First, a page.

• Innovation/Potential for Improvement (Refers to the potential that the proposed research may lead to meaningful improvement in patient health, well-being, or quality of care.)
  • Patient-Centeredness (Is the proposed research focused on questions and outcomes of specific interest to patients and their caregivers?)
  • Team and Environment (specifically – Are relevant patients and other key users of the study information (eg, caregivers, clinicians, health system, community, or policy makers) appropriately included on the team?)

The other criterion that we could comment on but were not required to include:

  • Impact of the condition
  • Impact on healthcare performance
  • Rigorous Research Methods
  • Inclusiveness of Different Populations
  • Efficient Use of Resources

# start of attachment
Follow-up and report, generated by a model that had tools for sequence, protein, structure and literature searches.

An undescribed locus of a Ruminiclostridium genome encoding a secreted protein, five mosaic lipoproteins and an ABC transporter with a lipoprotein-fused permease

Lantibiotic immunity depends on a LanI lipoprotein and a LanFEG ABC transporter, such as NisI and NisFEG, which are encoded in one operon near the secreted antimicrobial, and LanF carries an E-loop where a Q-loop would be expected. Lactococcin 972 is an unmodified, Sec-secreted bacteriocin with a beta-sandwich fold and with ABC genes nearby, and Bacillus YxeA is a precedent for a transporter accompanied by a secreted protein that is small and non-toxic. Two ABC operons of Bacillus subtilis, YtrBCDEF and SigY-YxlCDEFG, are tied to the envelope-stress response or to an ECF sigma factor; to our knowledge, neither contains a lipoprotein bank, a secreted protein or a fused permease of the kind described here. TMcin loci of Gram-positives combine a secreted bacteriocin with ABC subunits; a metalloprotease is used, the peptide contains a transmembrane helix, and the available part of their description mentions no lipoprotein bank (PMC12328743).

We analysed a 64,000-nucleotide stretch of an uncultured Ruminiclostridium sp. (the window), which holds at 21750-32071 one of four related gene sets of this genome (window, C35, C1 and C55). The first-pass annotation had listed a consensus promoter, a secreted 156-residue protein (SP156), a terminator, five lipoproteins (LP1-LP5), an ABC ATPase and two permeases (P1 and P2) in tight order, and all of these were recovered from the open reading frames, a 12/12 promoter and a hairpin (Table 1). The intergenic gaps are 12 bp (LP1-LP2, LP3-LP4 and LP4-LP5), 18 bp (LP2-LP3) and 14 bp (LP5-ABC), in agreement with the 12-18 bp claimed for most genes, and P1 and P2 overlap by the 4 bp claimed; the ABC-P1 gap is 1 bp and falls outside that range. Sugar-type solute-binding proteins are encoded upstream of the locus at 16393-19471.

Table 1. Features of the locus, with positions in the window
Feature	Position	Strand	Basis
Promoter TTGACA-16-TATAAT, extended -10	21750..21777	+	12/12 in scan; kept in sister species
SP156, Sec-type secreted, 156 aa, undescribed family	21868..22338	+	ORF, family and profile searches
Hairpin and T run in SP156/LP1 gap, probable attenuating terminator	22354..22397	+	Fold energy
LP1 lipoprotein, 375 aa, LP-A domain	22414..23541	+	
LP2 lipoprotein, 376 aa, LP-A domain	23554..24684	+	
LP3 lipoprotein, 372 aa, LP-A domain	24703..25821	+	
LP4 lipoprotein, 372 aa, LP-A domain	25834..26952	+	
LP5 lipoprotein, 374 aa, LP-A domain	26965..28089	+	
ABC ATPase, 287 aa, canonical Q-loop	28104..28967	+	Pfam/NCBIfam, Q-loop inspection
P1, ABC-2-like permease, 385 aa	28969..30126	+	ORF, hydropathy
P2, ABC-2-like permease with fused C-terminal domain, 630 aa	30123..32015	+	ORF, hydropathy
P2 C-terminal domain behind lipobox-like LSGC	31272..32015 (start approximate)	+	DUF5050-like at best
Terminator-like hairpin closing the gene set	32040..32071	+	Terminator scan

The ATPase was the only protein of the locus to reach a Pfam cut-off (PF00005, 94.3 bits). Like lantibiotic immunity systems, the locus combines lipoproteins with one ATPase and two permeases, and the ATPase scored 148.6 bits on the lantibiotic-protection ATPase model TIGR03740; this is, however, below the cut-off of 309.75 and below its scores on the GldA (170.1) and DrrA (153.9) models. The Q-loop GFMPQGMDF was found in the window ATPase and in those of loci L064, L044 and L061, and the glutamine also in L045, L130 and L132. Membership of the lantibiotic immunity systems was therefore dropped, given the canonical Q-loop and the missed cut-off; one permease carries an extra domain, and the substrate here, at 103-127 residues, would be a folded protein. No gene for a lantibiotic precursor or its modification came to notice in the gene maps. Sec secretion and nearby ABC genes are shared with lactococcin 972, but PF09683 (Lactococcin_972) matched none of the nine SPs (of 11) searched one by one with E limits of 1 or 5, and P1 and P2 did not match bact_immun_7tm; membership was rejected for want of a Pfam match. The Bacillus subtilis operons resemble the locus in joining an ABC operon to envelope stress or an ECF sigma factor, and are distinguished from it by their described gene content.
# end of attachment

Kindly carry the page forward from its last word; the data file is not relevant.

As well as the budget and human subjects protections.

While the training gave some examples of how to score on a scale of 1 to 9 (9 being the worst) and write out 3 strengths and 3 weaknesses as well as an overall narrative for each criterion, it was not helpful (none of the training was).  I was particularly concerned when I read the example for scoring on the patient-centeredness criterion.  This is what I sent PCORI:

I wanted to make one more comment.  When discussing the fourth review criteria on patient-centeredness the low scoring example is a study measuring the effect of a new medication on Hemoglobin A1c and says that that this level is not important to many who have diabetes.  I have Type 1 diabetes and this statement patently false. Hemoglobin A1c levels are the primary focus of all the care I’ve ever received for this autoimmune disease.